Consumers Speak: jetBlue’s Boston Boomerang

This is a special ‘Consumers Speak,’ as the consumer is us. We’re currently sitting on a jetBlue flight at Logan Intl’ in Boston. We arrived here at 4:00 for a 6:20 flight.

We’d understand a delay—we’re flying back into JFK, after all, which is underneath a fair amount of snow—but jetBlue insisted our flight was not going to be cancelled. Mind you, all the flights before and after ours had been cut. We should have taken that for a sign.

After finally boarding a plane at 10pm, we sat on the tarmac for an hour, finally getting approval that JFK’s runways were clear enough for us to land. Once in the air, however, our pilot informed us that our plane’s wing de-icer had malfunctioned, and that they were “running some diagnostics.”

Now we’re not engineers, but we’re pretty sure that when place de-icers fail, you just come on home, and don’t do loops around Boston Harbor for an hour before landing.

We’re also pretty sure you don’t force the passengers to stay in their seats on board the plane because you “can’t find any TSA security to guard you as you transfer to the new plane.”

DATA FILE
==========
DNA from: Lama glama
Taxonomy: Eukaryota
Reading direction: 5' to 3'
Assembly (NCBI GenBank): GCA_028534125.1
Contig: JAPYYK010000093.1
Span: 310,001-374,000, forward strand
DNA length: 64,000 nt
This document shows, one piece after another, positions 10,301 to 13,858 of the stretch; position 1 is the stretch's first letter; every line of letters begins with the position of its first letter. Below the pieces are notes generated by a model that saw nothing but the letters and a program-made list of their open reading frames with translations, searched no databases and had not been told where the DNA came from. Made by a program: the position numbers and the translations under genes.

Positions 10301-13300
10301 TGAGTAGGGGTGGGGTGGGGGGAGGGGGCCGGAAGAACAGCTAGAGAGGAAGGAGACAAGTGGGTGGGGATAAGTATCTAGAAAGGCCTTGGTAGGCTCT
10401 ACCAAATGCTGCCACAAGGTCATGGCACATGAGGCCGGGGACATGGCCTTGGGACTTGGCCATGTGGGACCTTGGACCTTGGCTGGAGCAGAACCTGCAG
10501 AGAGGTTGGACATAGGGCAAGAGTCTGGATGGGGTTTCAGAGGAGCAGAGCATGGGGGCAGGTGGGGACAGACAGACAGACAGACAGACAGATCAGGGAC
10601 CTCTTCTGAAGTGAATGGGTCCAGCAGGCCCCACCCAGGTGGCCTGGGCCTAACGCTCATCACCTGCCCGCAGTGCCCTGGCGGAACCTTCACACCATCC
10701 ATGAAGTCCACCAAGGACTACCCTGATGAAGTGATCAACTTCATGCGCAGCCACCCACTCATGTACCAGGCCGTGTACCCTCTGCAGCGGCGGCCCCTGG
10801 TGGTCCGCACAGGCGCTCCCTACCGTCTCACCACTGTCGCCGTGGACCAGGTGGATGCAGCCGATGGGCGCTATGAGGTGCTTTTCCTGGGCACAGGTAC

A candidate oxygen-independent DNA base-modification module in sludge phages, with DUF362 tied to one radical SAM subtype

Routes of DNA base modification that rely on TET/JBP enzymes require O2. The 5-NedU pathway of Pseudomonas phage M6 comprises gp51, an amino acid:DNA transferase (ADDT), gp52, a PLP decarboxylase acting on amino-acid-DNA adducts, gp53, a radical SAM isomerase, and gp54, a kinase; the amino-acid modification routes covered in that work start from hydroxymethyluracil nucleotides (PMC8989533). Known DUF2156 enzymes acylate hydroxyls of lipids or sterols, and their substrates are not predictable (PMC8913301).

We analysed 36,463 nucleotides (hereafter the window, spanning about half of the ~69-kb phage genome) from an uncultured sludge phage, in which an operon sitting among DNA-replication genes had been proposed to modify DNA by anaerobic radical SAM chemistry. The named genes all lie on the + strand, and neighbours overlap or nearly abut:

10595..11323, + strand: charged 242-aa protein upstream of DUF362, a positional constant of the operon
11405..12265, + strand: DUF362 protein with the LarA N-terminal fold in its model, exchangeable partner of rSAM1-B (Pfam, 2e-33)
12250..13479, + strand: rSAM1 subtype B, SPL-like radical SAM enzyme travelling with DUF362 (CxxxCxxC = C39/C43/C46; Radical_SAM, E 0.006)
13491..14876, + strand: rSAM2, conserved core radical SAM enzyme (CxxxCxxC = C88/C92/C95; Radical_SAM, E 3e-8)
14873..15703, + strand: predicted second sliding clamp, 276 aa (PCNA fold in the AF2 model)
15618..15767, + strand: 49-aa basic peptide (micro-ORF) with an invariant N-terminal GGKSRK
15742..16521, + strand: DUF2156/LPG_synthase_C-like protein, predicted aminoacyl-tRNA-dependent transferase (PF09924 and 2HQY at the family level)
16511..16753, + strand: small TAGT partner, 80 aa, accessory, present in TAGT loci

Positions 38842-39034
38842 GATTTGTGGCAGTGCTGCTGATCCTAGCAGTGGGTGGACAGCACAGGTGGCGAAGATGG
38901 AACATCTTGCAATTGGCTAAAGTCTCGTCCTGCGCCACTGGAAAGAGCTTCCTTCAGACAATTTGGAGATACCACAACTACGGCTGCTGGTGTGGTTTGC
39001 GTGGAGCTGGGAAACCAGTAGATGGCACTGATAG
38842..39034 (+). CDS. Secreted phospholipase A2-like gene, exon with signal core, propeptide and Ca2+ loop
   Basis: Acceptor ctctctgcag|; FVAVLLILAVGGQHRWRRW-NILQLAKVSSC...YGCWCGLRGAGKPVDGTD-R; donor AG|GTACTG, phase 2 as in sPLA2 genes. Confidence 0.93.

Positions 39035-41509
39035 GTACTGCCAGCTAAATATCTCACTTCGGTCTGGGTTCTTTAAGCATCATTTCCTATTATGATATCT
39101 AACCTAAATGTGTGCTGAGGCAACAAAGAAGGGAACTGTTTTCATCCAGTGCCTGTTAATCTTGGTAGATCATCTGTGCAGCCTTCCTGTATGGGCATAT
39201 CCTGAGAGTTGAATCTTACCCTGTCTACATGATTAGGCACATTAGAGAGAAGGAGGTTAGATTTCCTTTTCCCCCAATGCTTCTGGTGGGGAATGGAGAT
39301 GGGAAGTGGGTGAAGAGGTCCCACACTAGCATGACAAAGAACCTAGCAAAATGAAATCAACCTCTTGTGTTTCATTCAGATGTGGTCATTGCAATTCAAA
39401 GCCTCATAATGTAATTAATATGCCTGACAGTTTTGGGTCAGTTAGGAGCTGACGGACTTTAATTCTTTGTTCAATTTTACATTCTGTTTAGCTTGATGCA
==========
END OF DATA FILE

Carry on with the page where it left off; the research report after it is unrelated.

It’s four in the morning and we still haven’t left Boston. The flight attendants have been inconsiderate—telling people they need to sit down when they are stretching in the aisles—and wildly out-of-touch with the frustration of the passengers. Before we got on this new plane after a 90 wait in the old, broken one, passengers were actually yelling at the flight crew, asking them to call the police if there weren’t TSA employees around.

We’re probably overreacting to this whole mess because of the bowel-shaking fear that we dealt with after being told by our pilot that we had a problem with our wing de-icer, then not hearing anything else about what the situation was for at least a half hour after that. If you’re going to tell people they might be in trouble, at least keep them up to date.

Of course, the pilot did tell us once we were on the ground that the reason it took so long to land was that they had a hard time finding a technician to help them troubleshoot the problem while we were in the air.

That makes us all the more confident that we’ll make it home alive. Anyway, if we buy it, it’s been fun. But if jetBlue loses a plane in the Atlantic this morning, be sure to know that it’s out of sheer incompetence and a disregard for detail during this dangerous weather.

Why they haven’t just grounded us we don’t know, but we apparently have no choice in the matter.

Update: We’re home, finally. Final tally? Not counting the forced march between the first and second aircraft, we spent over nine hours in a row for a 40 minute flight. They did give us a flight voucher, but obviously we’re unsure if we want to use it.

The sad part is that for as bad as this jetBlue crew was, the airline itself is consistently better than everyone else.